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  4. That's great that the video helped. Sometimes, kids need a little push to help them out! If you're still a little concerned, getting your son into early intervention to get him speech therapy wouldn't be a bad idea. A speech therapist would probably work wonders!

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  5. That video is so cute, What a cutie pie he is.
    I think your doing the right thing just trying to help him along. But it sounds like he's doing good. Some kids to speak later than others. If its still an issue in a few more months maybe do what Cheryl suggests and ask the Pediatrician about a speech therapist. I mean I don't think its too early or too late by no means. I had therapy to control THE VOLUME OF MY VOICE (HAHA, seriously I did) when I was 6 years old and it helped me to not yell everything I said. Can you imagine my poor parents trying to get that to stop. HAHA. Bless them!

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  6. "Oooh noooo!" That video is so cute! I love his little voice. Yeah developmental milestones can really screw up a parent. Kids just develop so differently. It can be hard to know when something is just going to take your kid a bit longer or there is an actual problem. I had a week-by-week book that always listed milestones well before Nate accomplished any. It made me feel totally inept (which I realize is ridiculous)as a parent. I finally stopped reading the stupid book. I decided I wouldn't be concerned about anything unless my doctor was concerned. That's awesome that the video is helping. Keep up the good work Lewie!

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  7. So true, milestones really can be fear making, happy moments, and sad all at the same time. I think it is just another one of those things that makes us realize just how fast time fly's by us! I am so glad you found something that he really enjoys and encourages him to talk. Hope you have a wonderful day!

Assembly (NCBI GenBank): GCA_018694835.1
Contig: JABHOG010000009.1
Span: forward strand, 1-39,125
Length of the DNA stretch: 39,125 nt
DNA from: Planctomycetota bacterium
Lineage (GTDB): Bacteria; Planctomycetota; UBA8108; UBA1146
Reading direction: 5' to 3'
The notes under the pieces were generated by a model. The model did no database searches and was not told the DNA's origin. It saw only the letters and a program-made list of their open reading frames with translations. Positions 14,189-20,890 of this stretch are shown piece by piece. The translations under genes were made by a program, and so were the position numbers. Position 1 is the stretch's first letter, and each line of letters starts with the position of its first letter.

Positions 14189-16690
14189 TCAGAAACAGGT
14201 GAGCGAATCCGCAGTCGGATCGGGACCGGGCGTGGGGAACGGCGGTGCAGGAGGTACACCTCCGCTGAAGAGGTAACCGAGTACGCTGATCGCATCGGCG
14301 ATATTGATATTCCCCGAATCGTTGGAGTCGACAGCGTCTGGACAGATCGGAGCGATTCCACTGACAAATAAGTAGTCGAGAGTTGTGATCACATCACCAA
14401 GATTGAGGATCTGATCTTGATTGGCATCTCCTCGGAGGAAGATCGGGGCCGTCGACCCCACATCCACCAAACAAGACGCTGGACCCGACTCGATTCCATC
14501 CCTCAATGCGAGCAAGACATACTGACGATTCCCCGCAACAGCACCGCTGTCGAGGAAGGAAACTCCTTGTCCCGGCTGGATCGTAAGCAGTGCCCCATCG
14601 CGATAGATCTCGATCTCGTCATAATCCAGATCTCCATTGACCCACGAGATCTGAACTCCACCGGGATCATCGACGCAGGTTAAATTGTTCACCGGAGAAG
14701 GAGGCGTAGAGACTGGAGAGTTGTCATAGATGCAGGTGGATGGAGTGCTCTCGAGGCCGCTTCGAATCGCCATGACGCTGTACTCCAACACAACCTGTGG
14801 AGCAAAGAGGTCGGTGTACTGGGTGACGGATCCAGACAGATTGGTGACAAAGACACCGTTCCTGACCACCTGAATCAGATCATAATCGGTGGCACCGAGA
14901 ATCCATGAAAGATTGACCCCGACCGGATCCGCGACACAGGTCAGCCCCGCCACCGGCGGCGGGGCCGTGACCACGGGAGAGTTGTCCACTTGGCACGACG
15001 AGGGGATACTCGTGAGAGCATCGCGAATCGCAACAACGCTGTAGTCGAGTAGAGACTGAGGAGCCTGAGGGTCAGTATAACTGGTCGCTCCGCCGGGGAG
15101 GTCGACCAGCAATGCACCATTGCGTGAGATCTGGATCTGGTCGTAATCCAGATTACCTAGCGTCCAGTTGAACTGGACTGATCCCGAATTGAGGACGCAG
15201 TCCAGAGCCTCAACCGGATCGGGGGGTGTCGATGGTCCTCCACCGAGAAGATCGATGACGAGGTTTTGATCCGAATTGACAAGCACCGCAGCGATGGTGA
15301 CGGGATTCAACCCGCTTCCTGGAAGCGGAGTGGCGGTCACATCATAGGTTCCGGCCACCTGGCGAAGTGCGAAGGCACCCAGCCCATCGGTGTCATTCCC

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  8. I know sometimes these milestones can make us crazy because you know every child is different and will reach milestones at relatively different times. That being said however, listen to your gut, if you feel your little guy is truly behind, have him evaluated. Just remember, try not to compare too much...that can make anyone crazy!

    By the way, he is completely adorable!

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  9. Yay Lewie! I'm guilty of comparing Scotty to other kids and what they can do too! I'm a bit of a pusher, so he took a bit longer to potty train than was absolutely necessary...and certain words/sounds he finally got when I stopped pushing. They all learn at their own pace...AND mine has shown he can be as stubborn as his mom and wants to do things his way :)

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  10. Hard not to have predetermined milestones in our heads isn't it? This video looks interesting!